The Radium Girls by Kate Moore

I received this novel as an advanced copy from NetGalley in exchange for an honest review.

I haven’t read a nonfiction novel in a long time and I don’t think I have ever blogged about it. I thought this would be the perfect opportunity to broaden my reading range. I’m so glad that I chose to read this book because it was such a fantastic experience. Here is my review:

As World War I took its tool, hundreds of young women were employed at radium-dial factories to paint clock faces with a new miracle substance: radium. Assured by their bosses that the luminous material was completely safe, the women used the “lip-painting” technique to do their job, happily surprised to find themselves glowing from head to toe by the dust that collected after a day’s work. With such a coveted job, these girls were considered to be the luckiest of all – until they all began to fall ill. As the radium poisoned their bodies, they found themselves battling not just their physical ailments but the working industry themselves in one of America’s biggest scandals.

I never expected a nonfiction novel to be so moving and gripping. I could not read this novel in one sitting; I had to take multiple pauses because it was just so emotional. I didn’t know much about this topic before I began reading. I had just thought that this was an interesting event that involved radium, a substance I’m familiar with through my course work. I got so much more than that through this book. The author creates a vivid story that looks at the lives of all of these women, full of their hopes and dreams and despairs. It shows all of the different people involved that either hindered or aided in justice being meted out. There was so much courage and strength portrayed here and the author made the reader care about every single woman mentioned in the story; they weren’t just names but real people that I could connect with. While the novel was definitely more in favor of the women than the radium companies (which totally makes sense!), I was happy to see that the author did take into account the reasons why the companies did what they did; it didn’t make me sympathetic to them on any account but it did make an attempt to give a more well-rounded picture of the scandal. This was a gripping story where I was on the edge of my seat, wondering how the women would get past each obstacle thrown in their way. The best thing about this story was the message of perseverance and hope and bravery that these women showed in every facet of their lives; they may have been dying but they wouldn’t give up on living and fighting. It made me feel so proud to see all that they accomplished even after facing such adversity. I can honestly say that I have never felt this emotionally invested in a novel before. What an amazing story and the author did such a brilliant job of making it relevant and appealing to the masses. This is definitely a nonfiction book you don’t want to miss out on!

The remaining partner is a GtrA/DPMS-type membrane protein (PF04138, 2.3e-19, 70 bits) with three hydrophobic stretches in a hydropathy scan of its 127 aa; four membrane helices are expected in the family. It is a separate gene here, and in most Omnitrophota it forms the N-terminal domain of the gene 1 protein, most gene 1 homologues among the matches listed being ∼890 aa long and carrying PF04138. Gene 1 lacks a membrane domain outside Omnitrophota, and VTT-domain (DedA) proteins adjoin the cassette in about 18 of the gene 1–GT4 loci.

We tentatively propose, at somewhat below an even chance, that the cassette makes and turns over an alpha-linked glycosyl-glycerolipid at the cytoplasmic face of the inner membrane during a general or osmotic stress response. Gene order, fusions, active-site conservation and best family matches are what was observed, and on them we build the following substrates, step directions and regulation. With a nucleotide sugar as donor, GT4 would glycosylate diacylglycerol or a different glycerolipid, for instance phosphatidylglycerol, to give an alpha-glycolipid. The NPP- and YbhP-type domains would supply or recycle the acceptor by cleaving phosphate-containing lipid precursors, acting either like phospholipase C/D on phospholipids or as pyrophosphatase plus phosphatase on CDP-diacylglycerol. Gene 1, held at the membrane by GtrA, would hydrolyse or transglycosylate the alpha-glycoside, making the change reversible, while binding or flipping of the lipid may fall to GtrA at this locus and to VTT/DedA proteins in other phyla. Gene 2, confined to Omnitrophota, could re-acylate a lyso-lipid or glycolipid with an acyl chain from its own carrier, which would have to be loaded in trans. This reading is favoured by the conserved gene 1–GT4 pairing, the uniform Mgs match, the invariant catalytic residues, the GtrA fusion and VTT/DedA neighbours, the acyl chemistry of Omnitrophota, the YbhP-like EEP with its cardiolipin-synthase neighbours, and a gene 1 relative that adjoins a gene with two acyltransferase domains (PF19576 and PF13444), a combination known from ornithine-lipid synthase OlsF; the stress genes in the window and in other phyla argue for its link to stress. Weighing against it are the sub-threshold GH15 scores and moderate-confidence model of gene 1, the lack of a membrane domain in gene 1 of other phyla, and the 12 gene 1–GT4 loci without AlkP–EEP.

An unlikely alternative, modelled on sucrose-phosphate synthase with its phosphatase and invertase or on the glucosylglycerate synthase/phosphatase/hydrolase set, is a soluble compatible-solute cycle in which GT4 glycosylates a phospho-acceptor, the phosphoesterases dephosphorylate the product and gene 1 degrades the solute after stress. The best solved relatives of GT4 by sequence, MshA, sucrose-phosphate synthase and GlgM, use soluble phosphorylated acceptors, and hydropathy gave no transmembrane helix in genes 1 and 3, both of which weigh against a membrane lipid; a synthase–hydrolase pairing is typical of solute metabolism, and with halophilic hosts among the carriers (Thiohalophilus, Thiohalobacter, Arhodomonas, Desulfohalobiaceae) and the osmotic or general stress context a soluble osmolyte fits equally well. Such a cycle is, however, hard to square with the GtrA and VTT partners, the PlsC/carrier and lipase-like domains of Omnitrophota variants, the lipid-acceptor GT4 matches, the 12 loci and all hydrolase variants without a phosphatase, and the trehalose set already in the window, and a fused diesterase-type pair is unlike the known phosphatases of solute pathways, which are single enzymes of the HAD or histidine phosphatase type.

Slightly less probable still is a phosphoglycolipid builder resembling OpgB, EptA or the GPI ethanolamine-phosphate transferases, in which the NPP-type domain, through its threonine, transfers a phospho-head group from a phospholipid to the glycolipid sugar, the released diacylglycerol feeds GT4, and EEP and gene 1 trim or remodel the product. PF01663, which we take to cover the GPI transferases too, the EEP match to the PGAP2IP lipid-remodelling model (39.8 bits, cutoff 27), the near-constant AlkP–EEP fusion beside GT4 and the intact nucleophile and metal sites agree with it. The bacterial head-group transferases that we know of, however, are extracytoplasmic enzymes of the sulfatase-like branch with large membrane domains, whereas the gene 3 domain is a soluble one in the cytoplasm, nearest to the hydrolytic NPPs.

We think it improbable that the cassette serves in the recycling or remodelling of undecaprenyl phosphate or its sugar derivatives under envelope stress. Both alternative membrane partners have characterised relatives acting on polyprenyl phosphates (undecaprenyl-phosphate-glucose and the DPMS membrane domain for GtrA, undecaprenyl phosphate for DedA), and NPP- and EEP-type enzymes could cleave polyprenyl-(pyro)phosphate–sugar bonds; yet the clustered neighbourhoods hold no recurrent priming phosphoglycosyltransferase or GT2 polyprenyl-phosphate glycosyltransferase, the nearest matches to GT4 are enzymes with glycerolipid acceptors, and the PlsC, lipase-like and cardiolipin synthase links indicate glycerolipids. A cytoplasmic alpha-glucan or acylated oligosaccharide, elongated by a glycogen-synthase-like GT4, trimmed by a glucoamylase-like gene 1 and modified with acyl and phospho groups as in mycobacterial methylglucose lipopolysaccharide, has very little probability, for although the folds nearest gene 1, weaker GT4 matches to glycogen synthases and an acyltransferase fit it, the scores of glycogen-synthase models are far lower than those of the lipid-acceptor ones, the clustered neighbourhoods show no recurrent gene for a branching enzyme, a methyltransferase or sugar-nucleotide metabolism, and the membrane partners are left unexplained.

Happy reading ~

The Wonder by Emma Donoghue

Ever since I read Room, I have been a fan of this author’s work. I have been anxiously waiting ¬†for this novel to be released and I was lucky enough to find a copy as I was passing by my local library! I sat down and read this novel in one sitting, and if that isn’t testament to how amazing this story is then I don’t know what is!

An English nurse is called into a small Irish village on an unusual mission: she is to observe a miracle. 11-year-old Anna O’Donnell has been fasting for the lat 4 months and has been subsisting on simply water and “manna from heaven”, as she insists. In order to verify these claims, Lib Wright, a veteran of Florence Nightingale’s Crimean campaign, is sent to live in Anna’s village. The longer Lib stays there, the more she suspects that Anna’s fast may not simply be expression of faith but rather an attempt at slow murder.

This book was a compelling read that caught me from the beginning and held me all the way until the end. I don’t know much about Ireland, and I’m not familiar with its religious fervor, so that was a very interesting view to read about. I liked that Lib, who is the protagonist in this story, allows the reader to approach the religious fervor of the people with a healthy dose of cynicism. The journey begins slowly, as we get to know more about Lib and Anna, and all of the other characters. While most of the side characters don’t change throughout the story, it works well and provides the structure to keep the story in check. I love the relationship between Lib and Anna, and how it evolves as the story progresses. The first half of the book allows the reader to become well acquainted with the time period and the Irish culture, while also building up to the pivotal question of why Anna is fasting. The second half is also not as action-packed but the tension is overwhelming and undeniable; I was biting my nails and I could hear my heart beating faster with every page I read. I needed to know what Lib was going to do about Anna and I just had to know what the motive was behind the fast. I absolutely loved the ending; it was better than anything I could have hoped for and nicely wrapped up the story. This is a fantastic historical thriller, that is sure to delight everyone!

Happy reading ~